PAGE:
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Seattle-based Drums & Wires Recordings are releasing a scene-defining debut compilation album titled Songs Collected today and Big Takeover is pleased to host the album premiere in its entirety. Writer Chris Estey offers his perceptive thoughts on a record that encompasses the history and music of Seattle, a vibrant and vital American city:
At one point a while back I was tempted to write a book called The Other Scene: Seattle’s Other Sounds. It would have surveyed the local music I had been profoundly enjoying over the years that had little to do with the bands made up of area transplants who came to town to replicate certain hard rock tropes amped in mainstream media.
These were the regional bands I was regularly enjoying in clubs, or on rare occasions experiencing in larger venues when they returned from European tours, that evoked a uniquely hard-scrabble but tender, melodic yet often crepuscular vibe. They had a lot more to do with the musical blood of nightly Emerald City venues than the tourists or reporters felt inclined to tap into. But they were the best singer/songwriters we had, and they mingled well with the glossier rock scene, as their work was high-quality if humbler and more human.
Drums & Wires Recordings is releasing a scene-defining compilation of these sorts of artists called Songs Collected. It’s the debut anthology of a boutique label from a city that has thrived with such missions before – namely, of bringing to light a milieu of talent that might otherwise go neglected, or at least be less collectivized. Hatched, helmed, and curated by musician and previous label maven Michael Wells, who has played with several of the artists found here, the label’s catalog presents 40 artists and over 100 releases.
But quantity isn’t its significant feature; it’s the glorious woodshedding and persistent playing out of vibrant, personal, musical art made by people doing it for its own sake, challenging and entertaining each other in beloved dark places with small stages.
Now that these musicians are mostly housebound, they have given Wells a gorgeous collection of mainly folk-rock songs about the lonely walk we all seem to be on (together, alone) these days; but it is creative redemption, not plague dreams.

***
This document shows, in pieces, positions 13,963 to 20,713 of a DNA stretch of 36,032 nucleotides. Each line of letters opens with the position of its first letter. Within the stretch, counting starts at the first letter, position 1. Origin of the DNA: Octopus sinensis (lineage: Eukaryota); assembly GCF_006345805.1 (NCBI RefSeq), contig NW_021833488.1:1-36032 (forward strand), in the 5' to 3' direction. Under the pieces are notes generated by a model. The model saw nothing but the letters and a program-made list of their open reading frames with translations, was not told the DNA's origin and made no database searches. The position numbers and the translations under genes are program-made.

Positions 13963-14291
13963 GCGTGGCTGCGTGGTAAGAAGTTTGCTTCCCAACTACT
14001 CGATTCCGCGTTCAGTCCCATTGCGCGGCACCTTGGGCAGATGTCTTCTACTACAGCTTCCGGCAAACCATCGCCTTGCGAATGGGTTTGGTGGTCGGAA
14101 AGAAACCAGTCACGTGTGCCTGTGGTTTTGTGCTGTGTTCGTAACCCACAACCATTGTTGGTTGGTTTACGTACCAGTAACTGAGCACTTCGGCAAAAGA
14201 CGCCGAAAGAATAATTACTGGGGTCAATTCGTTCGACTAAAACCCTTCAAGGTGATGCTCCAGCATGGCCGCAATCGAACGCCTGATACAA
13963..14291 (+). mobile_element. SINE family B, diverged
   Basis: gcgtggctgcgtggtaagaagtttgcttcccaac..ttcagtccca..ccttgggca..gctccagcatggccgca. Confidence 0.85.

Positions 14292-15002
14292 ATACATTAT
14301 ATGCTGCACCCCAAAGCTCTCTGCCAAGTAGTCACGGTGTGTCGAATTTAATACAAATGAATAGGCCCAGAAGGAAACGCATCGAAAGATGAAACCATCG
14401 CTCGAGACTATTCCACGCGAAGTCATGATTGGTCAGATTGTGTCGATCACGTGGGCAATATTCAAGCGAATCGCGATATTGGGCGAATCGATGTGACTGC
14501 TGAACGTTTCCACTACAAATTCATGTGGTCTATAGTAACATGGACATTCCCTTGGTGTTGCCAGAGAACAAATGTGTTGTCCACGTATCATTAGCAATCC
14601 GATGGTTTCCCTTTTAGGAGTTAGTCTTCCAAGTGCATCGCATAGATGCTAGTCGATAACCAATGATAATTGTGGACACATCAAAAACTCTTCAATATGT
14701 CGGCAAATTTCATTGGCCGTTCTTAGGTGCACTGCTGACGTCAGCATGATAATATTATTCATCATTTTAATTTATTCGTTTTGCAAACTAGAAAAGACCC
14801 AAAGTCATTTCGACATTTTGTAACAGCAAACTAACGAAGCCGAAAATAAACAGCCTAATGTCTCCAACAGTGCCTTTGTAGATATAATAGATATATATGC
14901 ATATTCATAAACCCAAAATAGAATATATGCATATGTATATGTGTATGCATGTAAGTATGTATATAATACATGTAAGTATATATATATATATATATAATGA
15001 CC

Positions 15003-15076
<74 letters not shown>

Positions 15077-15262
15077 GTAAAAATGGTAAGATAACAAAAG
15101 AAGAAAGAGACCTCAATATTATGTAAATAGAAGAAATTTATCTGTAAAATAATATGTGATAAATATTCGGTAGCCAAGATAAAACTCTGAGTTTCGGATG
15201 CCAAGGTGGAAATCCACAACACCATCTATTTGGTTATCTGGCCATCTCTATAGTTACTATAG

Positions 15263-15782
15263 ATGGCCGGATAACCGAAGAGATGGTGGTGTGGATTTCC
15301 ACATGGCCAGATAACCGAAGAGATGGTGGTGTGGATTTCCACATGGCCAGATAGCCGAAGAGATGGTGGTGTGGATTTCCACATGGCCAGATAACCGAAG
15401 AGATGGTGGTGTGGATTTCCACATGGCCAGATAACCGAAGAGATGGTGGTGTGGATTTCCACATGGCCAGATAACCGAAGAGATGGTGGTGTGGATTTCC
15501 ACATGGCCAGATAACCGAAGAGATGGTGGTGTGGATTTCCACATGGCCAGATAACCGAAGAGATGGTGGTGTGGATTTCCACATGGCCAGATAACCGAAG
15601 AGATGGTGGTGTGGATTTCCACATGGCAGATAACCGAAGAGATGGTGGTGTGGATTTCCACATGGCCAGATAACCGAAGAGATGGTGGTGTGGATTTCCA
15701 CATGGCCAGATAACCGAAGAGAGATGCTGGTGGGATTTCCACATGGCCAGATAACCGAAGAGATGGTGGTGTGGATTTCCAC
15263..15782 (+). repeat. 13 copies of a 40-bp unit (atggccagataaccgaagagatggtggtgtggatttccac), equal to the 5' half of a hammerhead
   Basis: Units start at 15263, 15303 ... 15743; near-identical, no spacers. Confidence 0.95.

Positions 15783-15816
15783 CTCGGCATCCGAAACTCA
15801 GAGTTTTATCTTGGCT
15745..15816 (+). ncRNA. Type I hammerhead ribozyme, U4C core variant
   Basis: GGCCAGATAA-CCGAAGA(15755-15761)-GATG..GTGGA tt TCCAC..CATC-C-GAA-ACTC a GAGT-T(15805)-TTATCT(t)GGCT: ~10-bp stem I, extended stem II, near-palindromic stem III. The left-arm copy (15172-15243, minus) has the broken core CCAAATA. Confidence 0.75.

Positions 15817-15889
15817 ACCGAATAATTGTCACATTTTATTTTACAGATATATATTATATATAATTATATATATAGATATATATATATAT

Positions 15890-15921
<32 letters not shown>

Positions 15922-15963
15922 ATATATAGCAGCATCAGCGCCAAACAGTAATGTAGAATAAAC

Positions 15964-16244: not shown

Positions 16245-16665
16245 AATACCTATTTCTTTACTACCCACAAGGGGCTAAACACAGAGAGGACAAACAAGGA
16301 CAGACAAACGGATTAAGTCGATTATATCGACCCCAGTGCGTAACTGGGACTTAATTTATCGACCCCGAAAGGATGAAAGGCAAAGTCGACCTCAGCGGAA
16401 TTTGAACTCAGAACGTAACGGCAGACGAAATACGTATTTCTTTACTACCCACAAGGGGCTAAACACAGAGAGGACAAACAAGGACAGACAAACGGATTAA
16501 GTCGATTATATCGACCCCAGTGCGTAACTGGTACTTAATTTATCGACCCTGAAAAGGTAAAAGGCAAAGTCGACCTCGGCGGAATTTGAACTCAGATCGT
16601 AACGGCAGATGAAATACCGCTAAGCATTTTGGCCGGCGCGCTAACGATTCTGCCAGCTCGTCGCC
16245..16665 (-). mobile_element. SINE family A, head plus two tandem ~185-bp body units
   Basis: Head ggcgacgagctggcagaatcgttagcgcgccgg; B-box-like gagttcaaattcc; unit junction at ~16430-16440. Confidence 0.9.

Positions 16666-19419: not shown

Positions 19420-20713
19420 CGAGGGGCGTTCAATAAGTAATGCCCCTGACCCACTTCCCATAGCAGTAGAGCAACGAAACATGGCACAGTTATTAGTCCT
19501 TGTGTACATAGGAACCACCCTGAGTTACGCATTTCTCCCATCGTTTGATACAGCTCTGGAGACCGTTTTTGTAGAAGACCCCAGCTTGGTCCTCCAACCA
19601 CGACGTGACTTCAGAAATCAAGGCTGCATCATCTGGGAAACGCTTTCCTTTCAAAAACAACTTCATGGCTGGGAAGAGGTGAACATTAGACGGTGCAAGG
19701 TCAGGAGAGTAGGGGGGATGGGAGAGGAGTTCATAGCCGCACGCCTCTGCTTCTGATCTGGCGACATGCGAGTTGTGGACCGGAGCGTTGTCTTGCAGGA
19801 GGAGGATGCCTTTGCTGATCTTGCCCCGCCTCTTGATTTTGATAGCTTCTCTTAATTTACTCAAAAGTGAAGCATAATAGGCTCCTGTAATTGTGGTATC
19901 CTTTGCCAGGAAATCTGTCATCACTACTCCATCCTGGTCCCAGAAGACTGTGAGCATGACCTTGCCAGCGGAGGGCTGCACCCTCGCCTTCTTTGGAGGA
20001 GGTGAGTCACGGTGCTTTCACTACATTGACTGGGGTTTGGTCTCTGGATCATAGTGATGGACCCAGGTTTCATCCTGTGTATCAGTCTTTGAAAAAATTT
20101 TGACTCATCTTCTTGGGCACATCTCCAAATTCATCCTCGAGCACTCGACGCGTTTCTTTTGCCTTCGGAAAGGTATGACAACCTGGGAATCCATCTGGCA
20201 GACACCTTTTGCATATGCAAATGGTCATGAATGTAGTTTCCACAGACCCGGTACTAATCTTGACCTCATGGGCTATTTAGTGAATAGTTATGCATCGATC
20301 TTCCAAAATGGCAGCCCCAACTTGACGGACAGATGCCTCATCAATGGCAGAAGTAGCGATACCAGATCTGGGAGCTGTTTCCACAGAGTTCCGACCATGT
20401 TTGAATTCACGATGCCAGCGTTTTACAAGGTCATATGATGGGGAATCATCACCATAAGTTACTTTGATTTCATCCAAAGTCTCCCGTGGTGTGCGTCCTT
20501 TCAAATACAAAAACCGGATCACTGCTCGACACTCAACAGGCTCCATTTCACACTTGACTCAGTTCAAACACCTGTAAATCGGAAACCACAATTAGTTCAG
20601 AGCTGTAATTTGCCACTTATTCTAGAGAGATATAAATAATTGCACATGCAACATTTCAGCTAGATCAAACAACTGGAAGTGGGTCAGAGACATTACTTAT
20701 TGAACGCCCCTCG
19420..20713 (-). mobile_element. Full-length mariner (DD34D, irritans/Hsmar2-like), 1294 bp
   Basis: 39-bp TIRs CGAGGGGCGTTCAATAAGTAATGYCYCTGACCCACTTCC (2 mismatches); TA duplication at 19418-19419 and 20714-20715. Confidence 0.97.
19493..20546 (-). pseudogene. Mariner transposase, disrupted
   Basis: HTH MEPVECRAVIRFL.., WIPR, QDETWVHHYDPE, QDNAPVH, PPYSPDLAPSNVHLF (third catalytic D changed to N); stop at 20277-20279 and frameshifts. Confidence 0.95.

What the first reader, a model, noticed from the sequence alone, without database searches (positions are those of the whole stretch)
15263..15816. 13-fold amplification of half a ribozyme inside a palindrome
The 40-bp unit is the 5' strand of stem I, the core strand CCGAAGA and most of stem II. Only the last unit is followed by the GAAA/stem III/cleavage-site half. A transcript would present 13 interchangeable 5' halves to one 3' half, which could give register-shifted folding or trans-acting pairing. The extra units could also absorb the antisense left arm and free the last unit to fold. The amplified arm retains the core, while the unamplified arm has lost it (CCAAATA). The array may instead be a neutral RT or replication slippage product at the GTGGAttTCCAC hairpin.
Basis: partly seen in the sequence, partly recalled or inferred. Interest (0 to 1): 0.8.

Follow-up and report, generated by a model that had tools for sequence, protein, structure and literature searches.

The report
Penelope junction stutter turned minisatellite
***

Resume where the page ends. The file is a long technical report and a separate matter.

The album begins with the crisp mid-tempo lead single “Age of The Amateur” by Terri Tarantula, the latest project of the resonantly talented Terri Moeller Pearson (Transmissionary Six, Walkabouts), joined once again by existential slide guitarist Jon Hyde and other class A veterans, for an ambient-elegant but lyrically caustic anthem about everything falling apart due to lack of leadership or vision. Pearson’s work has often described and castigated grifters and phonies, not sparing her own self-delusions, but with things being the way they are she has a lot to say about how resources are being exploited these days.
Chris Eckman’s “Then There’s the Rain” is perhaps the apex of the compilation, a Great American novel-quality lamentation that goes down super smooth like top shelf bourbon but burns like gut-truth. Eckman was the co-founder and leader of The Walkabouts, my favorite band on the Sub Pop 300 3-LP collection that came out before the scene blew up in the early 90s; his songwriting skills have refined and aged like Leonard Cohen’s. That’s an interesting comparison, as this delectably acoustic-plucked anthem exemplifies the surrender of a once hopeful prophet, aching with lines assuring us we’re far past second chances. This would be unbearably depressing if its post-faith eschatology wasn’t so absolutely gorgeous to behold.
Another very high point is Johnny Sangster’s sweetly detailed and up-to-the-moment “This Fall,” a dreamy pining for reaching out to someone beyond all the distance, touching again if only in words, aching for connection or reunion. Because this is the Jack-of-all-Trades who as a guitar and keyboard player has worked with and recorded Mark Lanegan, Mark Pickerel & His Praying Hands, and Rusty Willoughby, helping to make many of the greatest Seattle releases sound so bomb, its clarity and evocation is unsurprising. “This Fall” will become many fans’ favorite blues of this era, as its deep need delineates just how necessary human contact is, especially in these times.
All of these are fairly gentle musical compositions with exquisite, well-honed playing, but the album also has chuff gems from the near-hymnal sound poet Mike Dumovich, the effervescent cabaret pop of Michael Shuler and his fabulous rhythm section of drummer Gary Ferguson (session man for Etta James, John Hiatt and many others) and bassist Fernando Perdomo (most recently in the Echo in the Canyon band with Jakob Dylan et al), and gloriously the collection ends on glimmer’s “Build A Fire With Your Love,” which features a spectacular raging duet between David Russel (bandleader for a particularly riveting Seattle stage production of Hedwig & The Angry Inch, and singer-songwriter for the 1 Uppers) and Susan McIntyre, and marvelously driven by the playing of Mike Bass (name of person and instrument). This closing epic is a deep-breathing, expansive blast of spiritual reconstruction that averts the narrative of this beautifully dark album from plunging into threnody.
Forget what you think you know about Seattle, and dive head-first into this Puget Sound of pure musical pleasure.
Drums & Wires Recordings Website